Start with a small circle magnet in a bag. Have a volunteer reach into the bag without looking and describe what he/she is feeling. The volunteer will give 1 clue and ask for guesses. Then the volunteer will give two more clues and students will discuss with people around them about what it could be. The volunteer will continue to give clues until someone guesses the right answer. Take the magnet out and show it to the students.
Give each student a magnet along with the task of finding out what it can do. Give students 5 minutes to explore at their tables. The class will discuss interesting observations the students made.
2 Direct Instruction
Now give students a bag of objects and the task of separating them into two groups. One group will be objects they predict will stick to a magnet, the other will be objects they predict will not stick to a magnet.
They will record their predictions on the pdf of "magnetic notes" that has been emailed to them. Students can open the pdf in Evonote and then they are able to open it in Skitch to write on it. After they have separated them into two groups and recorded their predictions, they will test the materials. As they test them, they will record if their predictions were correct or not.
The class will come together and discuss their observations. The teacher will ask what do all of the objects have in common that made them stick? After a discussion about what they may all have, the teacher will explain that all of the materials that stuck to a magnet contained iron. Students will research online what iron is and why it is magnetic. Students will discuss in groups what they found.
3 Guided Practice
Now that students know what makes magnets stick, students will go out into the hallway to find a few things that will stick to a magnet. They will take pictures using their camera on their iPads and put them into a collage in the app Pic Collage. They will follow the directions found on Schoology and upload their collages to Magnetism Collages in Schoology.
The directions are also listed below:
Directions for Magnetism Collage:
Find FIVE different objects that will stick to your magnet.
Take a picture of each of the objects with the magnet sticking to them.
Go into the Pic Collage App and press the plus button to create a new collage.
Click on “Add Photos”
Click on “Camera Roll”
Choose the five pictures of magnets sticking to objects.
Display the five pictures in a creative way, but allowing all objects to be seen. You can make the pictures bigger or smaller by stretching or shrinking them.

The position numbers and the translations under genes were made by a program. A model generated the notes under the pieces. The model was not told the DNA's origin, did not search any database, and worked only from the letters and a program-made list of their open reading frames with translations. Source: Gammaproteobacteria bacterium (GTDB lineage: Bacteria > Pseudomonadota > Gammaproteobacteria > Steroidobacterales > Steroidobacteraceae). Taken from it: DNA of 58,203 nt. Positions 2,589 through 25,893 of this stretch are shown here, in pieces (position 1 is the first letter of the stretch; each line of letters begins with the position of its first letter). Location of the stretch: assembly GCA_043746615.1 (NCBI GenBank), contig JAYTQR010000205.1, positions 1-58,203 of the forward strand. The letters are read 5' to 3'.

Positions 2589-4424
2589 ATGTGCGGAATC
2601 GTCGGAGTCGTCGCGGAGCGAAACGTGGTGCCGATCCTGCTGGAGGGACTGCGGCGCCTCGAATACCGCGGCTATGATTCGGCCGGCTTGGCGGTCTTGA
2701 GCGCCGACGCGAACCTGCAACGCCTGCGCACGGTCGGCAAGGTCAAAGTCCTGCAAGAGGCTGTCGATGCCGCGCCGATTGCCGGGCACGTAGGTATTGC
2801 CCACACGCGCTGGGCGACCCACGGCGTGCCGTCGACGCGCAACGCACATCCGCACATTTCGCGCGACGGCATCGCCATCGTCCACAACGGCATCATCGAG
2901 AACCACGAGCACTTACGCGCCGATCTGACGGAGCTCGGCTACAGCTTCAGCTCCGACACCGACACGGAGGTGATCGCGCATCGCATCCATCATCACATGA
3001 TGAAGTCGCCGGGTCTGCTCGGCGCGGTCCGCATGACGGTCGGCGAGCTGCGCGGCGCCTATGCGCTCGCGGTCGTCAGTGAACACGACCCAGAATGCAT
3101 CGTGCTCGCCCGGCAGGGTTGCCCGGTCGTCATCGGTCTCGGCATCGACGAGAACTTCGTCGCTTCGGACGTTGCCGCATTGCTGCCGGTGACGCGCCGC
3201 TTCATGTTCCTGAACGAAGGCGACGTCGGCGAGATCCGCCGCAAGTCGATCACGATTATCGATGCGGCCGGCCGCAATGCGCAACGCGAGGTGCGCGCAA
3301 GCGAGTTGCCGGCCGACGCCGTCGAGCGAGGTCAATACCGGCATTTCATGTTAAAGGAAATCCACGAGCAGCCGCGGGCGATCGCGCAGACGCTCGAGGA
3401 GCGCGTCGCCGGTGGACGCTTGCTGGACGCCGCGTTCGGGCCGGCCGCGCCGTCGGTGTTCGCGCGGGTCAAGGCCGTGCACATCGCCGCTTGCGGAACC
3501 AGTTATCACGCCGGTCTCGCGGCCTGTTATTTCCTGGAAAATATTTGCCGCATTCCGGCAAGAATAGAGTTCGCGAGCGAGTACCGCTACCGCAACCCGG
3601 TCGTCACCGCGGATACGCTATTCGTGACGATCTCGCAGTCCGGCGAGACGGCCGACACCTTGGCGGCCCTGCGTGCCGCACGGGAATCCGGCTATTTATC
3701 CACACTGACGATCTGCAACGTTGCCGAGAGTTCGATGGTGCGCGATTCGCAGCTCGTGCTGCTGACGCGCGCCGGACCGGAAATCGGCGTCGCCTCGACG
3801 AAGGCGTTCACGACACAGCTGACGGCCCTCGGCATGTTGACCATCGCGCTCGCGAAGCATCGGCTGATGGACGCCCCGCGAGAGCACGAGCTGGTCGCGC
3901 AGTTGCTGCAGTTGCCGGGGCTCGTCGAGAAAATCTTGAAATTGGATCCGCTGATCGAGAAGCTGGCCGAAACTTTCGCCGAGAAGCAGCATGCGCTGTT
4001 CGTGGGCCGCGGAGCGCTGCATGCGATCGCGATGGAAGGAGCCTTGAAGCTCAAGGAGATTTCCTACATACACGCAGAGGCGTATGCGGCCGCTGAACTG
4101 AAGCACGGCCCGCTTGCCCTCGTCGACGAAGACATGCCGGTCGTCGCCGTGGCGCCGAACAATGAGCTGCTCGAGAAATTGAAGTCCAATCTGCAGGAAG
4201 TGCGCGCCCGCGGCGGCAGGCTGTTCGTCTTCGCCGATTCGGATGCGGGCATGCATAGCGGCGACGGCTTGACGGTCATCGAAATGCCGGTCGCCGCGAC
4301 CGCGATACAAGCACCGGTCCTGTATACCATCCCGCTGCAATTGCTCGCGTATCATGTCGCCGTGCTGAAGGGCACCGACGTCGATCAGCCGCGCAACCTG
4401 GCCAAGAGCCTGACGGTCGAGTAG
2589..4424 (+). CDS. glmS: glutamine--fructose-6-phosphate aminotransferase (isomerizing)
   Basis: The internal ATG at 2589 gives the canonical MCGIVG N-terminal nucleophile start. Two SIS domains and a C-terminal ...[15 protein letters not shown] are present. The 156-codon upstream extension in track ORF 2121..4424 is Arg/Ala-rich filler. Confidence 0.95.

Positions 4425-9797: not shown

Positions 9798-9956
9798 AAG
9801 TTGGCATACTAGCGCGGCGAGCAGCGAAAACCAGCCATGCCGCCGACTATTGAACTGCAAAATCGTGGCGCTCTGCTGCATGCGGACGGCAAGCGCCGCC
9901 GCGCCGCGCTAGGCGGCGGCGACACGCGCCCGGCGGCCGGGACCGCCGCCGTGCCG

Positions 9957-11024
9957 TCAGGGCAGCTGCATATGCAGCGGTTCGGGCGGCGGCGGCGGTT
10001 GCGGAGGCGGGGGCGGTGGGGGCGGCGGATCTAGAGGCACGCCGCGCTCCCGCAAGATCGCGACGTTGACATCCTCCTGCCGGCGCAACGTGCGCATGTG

When you are finished, click the share arrow and press “save to library.”
After you have saved your collage, go into Schoology.
Click into the Science Course/Magnetism and Electricity Folder/Magnets Folder/Magnetism Collages.
Upload your collage by pressing the plus button and adding the picture from your camera roll.
Take a minute and look at the other collages. Did you find any similar objects? Any different ones?
4 Independent Practice
Students will create a Did you Know? poster about a magnet sticking to that particular material to be displayed to share their knowledge with the rest of the school. This poster will be used as an assessment of their knowledge of what makes magents stick to materials. They will access the directions on schoology. The directions are also listed below.
Directions for Magnetism Poster:
With a partner, pick one of the objects you found in the school that sticks to a magnet.
Email the picture you took of the object to the teacher. The teacher will print the picture for you to put on your poster.
Create a title of “Did you know a magnet sticks to name your object?
Write a short summary that includes:
Why it sticks to that particular material.
Why it doesn’t stick to other objects around it.
What makes iron stick to magnets.
You will be assessed on the following:
4-The poster is neat, easy to read, and it is evident you took your time on it.
3-The poster is neat and easy to read, but you could have taken a little more time on it.
2-The poster is either not very neat, or not easy to read, you could have taken more time on it.
1-The poster is not neat or easy to read. You needed to take more time on it.
4-The poster includes exra material is is creative in style.
3-The poster is creative in style.
2-The poster is not very creative in style.
1-The poster does not have any creative aspects.
4-The summary includes all important aspects and goes into depth about each.
3-The summary includes all important aspects.
2-The summary includes most important aspects.
1-The summary is missing most of the important aspects.
Before the posters are displayed around the school, students will present their posters to the class. They will explain what their object and give their summary. ***Most summaries should be the same or similar, so instead of listening for new information, students should be listening for consistency among group summaries.